Lapsang would probably be a time-appropriate tea, but I would be hesitant to serve it for a Jane Austen gathering. It's a bit too, er, masculine.
Since the earliest reports of a native tea in Assam date just at 1815, it's pretty safe to assume that the only tea Jane Austen would have been acquainted with is Chinese tea, so cross anything Indian or Sri Lankan off the list. I would also go on a limb and say that Jane would have only known Chinese black tea--it was what the Chinese primarily traded and it had a better chance of holding up through the voyage around Africa than green.
Most references you'll find to tea around 1800 call it Bohea, but that's not really Bohea as we know it today. Back then in Western parlance, it really was a catch-all term for tea. I think that today, black teas from the southeast of China would most closely fit the profile of the general selection available to the early nineteenth century English upper middle class.
From Adagio's selection, I'd likely choose their Golden Monkey
. It is a Fujian black that really does have a wonderfully full flavor, and it is quite cost-effective if you buy it in larger amounts. If you'd like to offer a black, oolong, and a green, I'd suggest adding a Wuyi oolong
and a longjing (dragonwell) green
. Oolong really wasn't a known thing back in the Regency days, but it would be a nice thing to offer a modern crowd. Longjing, too, is a bit of a stretch. It's not really what Jane's crowd would have had if they were able to try a green, but it's not entirely off the mark and it is what modern drinkers expect out of a Chinese green.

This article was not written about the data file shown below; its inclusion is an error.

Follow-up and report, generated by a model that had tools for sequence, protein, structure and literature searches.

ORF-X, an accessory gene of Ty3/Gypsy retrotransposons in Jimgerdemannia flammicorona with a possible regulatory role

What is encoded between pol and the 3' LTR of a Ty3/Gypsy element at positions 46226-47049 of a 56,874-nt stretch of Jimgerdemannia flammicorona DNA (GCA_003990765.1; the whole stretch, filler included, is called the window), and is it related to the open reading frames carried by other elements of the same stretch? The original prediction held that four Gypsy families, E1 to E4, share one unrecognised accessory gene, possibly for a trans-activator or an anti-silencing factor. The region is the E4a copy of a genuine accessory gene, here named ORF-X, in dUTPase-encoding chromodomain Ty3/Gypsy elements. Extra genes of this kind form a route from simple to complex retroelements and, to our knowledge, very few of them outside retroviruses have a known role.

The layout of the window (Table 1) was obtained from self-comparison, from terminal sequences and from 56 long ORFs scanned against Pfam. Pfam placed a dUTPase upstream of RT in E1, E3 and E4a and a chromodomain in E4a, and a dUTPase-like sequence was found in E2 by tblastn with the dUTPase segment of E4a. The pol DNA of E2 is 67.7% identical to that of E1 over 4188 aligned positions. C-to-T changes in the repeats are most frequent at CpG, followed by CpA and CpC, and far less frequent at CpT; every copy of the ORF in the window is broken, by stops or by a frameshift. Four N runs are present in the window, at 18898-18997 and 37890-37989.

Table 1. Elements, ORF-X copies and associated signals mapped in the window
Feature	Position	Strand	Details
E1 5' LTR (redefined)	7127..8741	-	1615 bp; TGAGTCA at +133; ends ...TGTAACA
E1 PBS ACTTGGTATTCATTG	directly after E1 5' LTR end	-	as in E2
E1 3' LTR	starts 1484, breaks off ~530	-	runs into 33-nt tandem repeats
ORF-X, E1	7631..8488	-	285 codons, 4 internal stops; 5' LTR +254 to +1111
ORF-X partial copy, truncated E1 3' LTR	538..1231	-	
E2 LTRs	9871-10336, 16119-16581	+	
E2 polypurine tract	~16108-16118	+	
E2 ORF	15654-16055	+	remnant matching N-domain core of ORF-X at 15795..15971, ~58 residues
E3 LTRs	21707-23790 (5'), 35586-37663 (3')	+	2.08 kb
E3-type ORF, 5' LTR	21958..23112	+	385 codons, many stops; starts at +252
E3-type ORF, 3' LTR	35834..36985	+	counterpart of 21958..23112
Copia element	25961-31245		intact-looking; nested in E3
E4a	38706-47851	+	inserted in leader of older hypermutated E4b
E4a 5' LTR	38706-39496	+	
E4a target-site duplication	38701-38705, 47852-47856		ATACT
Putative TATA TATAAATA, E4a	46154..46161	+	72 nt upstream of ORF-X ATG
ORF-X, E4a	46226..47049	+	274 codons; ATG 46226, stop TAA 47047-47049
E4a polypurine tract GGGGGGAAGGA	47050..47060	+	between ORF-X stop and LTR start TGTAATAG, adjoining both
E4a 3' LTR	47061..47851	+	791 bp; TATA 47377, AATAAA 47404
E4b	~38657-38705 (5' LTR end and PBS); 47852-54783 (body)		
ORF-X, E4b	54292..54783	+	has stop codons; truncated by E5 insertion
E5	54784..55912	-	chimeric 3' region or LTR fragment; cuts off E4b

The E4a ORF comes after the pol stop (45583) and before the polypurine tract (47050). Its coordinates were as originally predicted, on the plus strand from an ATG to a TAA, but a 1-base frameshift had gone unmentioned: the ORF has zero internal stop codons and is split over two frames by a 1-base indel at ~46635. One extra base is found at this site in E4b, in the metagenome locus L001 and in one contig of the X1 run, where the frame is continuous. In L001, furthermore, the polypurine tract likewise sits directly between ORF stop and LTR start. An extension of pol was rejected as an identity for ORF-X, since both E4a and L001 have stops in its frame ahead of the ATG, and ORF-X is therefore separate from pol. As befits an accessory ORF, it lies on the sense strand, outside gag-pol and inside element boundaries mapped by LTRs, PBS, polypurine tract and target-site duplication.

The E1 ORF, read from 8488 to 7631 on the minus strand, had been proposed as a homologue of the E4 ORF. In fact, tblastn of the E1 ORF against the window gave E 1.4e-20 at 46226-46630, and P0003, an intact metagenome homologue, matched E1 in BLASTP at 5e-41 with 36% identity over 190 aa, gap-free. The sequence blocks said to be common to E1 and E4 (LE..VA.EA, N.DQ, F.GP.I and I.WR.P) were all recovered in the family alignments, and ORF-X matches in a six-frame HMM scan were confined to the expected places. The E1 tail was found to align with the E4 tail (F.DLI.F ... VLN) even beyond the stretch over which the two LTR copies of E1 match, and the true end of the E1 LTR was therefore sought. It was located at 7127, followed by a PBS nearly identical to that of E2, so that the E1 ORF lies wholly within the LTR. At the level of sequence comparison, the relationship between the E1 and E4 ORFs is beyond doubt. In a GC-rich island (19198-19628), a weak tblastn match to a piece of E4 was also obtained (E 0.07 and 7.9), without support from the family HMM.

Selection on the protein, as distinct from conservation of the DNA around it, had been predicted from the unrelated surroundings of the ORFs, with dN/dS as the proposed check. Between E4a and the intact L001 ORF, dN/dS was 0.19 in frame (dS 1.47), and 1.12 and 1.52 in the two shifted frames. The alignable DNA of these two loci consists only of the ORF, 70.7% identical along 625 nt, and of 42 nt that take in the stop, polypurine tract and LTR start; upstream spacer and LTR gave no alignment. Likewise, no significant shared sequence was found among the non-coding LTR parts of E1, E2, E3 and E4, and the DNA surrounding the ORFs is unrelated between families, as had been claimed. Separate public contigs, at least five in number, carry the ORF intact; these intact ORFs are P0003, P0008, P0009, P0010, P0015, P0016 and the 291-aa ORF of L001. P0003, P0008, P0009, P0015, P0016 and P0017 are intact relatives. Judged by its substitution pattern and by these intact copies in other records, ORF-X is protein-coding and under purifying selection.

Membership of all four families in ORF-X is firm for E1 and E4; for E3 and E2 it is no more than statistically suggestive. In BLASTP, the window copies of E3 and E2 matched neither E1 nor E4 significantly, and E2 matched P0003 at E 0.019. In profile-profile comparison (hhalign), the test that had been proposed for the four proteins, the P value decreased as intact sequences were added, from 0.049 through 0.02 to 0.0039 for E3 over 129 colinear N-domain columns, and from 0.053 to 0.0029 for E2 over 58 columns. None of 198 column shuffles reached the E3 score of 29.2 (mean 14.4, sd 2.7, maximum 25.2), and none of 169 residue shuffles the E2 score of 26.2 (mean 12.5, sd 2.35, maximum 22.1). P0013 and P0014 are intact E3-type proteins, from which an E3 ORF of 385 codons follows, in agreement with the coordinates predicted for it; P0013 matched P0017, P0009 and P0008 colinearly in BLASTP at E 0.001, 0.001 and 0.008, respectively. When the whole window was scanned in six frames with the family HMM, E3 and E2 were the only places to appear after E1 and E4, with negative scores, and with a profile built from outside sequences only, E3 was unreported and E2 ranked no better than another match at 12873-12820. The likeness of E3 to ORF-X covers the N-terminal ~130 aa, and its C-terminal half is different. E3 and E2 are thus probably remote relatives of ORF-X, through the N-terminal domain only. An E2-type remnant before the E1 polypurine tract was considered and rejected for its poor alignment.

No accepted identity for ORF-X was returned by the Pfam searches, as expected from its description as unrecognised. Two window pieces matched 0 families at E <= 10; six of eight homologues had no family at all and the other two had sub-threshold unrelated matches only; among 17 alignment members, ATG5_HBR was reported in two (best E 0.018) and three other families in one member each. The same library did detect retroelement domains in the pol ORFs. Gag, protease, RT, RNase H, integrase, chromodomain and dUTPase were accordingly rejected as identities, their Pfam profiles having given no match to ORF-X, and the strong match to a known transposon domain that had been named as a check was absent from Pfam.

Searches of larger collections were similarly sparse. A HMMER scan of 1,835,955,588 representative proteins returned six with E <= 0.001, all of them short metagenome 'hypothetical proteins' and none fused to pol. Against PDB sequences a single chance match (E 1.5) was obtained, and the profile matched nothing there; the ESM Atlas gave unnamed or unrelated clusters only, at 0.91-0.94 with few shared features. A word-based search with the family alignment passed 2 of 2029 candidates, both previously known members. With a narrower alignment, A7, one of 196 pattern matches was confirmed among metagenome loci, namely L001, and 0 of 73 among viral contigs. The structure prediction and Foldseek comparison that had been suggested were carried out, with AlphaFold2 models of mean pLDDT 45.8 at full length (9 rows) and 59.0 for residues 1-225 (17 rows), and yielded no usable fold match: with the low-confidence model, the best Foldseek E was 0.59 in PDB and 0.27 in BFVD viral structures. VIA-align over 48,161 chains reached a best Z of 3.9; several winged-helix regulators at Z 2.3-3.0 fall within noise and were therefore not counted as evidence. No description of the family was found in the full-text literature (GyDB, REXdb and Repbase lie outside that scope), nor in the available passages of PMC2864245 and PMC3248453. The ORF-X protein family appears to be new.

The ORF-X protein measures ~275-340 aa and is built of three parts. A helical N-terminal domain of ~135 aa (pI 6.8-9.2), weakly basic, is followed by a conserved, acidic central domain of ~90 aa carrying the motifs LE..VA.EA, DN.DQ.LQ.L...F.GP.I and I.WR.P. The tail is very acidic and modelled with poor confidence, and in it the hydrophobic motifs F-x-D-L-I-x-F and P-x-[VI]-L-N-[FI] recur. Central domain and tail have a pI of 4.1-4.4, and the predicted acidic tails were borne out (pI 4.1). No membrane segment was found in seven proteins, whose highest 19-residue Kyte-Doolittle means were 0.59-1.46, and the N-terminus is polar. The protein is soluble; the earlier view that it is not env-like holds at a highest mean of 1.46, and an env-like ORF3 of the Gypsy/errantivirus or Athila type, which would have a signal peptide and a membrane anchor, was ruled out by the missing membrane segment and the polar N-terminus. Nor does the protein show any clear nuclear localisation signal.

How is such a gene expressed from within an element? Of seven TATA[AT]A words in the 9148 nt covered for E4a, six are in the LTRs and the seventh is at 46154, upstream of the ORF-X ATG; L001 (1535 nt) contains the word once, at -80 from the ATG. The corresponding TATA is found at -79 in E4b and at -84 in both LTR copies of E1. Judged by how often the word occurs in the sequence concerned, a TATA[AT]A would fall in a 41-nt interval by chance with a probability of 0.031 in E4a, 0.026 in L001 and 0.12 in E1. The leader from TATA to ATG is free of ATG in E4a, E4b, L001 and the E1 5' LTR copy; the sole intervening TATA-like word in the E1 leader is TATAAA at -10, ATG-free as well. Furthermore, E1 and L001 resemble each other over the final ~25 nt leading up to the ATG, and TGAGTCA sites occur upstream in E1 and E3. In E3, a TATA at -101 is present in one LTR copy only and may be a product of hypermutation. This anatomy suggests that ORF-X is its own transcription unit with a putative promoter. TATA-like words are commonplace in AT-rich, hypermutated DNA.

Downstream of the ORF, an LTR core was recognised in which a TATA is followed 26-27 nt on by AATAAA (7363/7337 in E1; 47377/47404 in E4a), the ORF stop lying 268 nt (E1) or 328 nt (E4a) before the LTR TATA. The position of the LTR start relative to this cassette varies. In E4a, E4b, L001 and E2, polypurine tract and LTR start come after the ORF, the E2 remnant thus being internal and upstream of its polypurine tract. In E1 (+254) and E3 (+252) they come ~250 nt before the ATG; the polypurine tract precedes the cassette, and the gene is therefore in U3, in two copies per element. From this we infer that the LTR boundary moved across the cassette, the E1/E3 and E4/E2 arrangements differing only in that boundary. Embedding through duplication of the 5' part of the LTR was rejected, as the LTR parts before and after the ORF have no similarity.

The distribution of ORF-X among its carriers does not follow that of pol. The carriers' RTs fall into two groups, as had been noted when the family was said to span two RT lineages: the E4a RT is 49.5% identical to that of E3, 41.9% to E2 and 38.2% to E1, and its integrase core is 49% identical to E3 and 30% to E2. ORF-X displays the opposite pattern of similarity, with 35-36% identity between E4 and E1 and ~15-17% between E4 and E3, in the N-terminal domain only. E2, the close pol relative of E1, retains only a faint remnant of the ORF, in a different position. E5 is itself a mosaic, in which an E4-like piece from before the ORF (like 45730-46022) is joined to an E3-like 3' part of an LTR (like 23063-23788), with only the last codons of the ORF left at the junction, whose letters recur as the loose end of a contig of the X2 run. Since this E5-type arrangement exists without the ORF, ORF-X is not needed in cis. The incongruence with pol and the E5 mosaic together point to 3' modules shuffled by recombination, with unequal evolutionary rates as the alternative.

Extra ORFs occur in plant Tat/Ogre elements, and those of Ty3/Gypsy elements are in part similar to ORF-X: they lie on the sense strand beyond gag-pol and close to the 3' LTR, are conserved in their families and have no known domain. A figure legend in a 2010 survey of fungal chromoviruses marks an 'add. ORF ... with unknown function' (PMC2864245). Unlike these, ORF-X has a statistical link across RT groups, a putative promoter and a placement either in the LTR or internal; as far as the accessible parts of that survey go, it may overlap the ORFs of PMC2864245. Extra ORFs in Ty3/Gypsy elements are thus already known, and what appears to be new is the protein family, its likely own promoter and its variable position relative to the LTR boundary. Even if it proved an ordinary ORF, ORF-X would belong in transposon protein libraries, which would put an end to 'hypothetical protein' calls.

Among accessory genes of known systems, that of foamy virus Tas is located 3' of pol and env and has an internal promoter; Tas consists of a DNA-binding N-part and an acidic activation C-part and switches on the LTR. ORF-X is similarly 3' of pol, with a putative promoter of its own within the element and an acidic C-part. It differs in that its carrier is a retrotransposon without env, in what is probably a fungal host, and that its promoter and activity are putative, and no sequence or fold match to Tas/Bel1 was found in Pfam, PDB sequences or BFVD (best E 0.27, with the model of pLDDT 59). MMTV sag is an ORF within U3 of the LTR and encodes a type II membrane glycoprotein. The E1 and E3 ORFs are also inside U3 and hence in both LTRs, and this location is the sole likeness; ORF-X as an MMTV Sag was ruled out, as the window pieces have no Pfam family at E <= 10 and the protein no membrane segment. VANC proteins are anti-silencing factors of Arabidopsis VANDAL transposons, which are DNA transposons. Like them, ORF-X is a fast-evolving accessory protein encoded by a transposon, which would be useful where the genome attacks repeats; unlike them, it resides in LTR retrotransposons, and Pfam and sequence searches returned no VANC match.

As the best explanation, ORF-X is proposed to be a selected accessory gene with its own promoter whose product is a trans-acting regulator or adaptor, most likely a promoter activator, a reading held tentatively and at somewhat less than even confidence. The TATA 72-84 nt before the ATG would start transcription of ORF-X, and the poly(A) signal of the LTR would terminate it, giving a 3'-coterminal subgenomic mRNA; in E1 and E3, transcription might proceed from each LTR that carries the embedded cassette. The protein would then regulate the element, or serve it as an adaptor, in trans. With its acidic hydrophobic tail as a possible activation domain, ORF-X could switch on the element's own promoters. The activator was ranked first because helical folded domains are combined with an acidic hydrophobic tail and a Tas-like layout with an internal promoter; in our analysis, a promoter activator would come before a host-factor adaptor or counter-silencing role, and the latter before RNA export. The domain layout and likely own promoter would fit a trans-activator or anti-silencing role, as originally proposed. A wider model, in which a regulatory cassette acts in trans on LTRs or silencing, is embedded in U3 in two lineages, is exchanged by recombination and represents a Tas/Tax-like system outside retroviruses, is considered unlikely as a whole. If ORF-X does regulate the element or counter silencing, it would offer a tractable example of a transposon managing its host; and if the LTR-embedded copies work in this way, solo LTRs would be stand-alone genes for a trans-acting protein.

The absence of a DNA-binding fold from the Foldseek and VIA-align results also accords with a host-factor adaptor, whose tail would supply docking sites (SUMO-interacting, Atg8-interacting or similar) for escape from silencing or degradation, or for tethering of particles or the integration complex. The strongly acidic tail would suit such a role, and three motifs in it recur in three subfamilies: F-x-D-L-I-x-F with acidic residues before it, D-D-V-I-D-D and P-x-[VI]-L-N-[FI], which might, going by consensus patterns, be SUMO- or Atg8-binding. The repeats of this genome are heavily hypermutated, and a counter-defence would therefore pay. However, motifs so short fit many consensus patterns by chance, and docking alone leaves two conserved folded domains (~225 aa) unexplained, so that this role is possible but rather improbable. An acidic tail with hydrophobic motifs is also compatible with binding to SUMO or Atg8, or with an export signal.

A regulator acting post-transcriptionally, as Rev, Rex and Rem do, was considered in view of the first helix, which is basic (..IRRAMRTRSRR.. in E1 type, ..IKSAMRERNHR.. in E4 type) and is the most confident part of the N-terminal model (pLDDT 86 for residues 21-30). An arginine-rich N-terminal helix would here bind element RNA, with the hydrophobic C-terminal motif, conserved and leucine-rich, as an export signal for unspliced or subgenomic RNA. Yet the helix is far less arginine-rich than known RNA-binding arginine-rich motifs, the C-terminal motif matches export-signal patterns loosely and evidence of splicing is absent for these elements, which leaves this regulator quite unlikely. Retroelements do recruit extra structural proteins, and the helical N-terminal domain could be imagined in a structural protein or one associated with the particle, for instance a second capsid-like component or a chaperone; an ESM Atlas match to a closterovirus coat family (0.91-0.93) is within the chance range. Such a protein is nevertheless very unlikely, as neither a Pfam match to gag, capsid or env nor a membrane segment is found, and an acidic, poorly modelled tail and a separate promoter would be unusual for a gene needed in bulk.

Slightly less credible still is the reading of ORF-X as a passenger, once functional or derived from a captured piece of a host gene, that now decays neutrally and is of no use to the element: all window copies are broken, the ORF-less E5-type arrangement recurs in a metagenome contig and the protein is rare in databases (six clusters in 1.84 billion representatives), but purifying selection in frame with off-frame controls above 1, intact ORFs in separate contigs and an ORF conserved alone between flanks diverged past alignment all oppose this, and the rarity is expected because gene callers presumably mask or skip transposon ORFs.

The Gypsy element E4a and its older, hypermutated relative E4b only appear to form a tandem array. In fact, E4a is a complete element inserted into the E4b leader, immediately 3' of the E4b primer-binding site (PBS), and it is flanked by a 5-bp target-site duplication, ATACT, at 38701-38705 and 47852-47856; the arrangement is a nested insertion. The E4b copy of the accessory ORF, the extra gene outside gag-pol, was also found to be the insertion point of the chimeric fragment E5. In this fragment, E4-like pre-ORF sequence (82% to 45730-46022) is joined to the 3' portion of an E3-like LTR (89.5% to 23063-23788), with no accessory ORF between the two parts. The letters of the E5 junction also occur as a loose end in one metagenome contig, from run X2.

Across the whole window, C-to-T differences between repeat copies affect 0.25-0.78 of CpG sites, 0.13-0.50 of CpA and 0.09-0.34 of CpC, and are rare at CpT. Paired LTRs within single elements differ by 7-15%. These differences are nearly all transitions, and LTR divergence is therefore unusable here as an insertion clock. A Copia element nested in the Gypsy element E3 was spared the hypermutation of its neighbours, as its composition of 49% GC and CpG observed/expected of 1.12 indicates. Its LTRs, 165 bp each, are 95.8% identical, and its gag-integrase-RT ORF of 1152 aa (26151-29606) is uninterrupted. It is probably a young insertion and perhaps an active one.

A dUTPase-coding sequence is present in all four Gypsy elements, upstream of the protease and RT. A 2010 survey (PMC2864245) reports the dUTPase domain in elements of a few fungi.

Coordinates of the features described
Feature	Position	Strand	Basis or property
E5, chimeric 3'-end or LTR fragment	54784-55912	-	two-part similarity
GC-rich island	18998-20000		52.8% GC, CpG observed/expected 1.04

I wouldn't try to blend them all together because--without a lot of care--you'll just get a bitter, undrinkable mess. In my experience, greens do not work and play well with others.
If you would like teas that are actually called 'bohea
' and 'hyson
,' Upton Tea Imports sells a couple reasonably priced Chinese varieties by that name.
As far as adding milk, lemon, or sugar...I've hosted a lot of shindigs in my time, and outside of my stint as my college sorority's Mistress of Etiquette, I've found that it's just better to overlook slight gaffes. Make all three available to whoever wants them, whether the tea calls for it or not.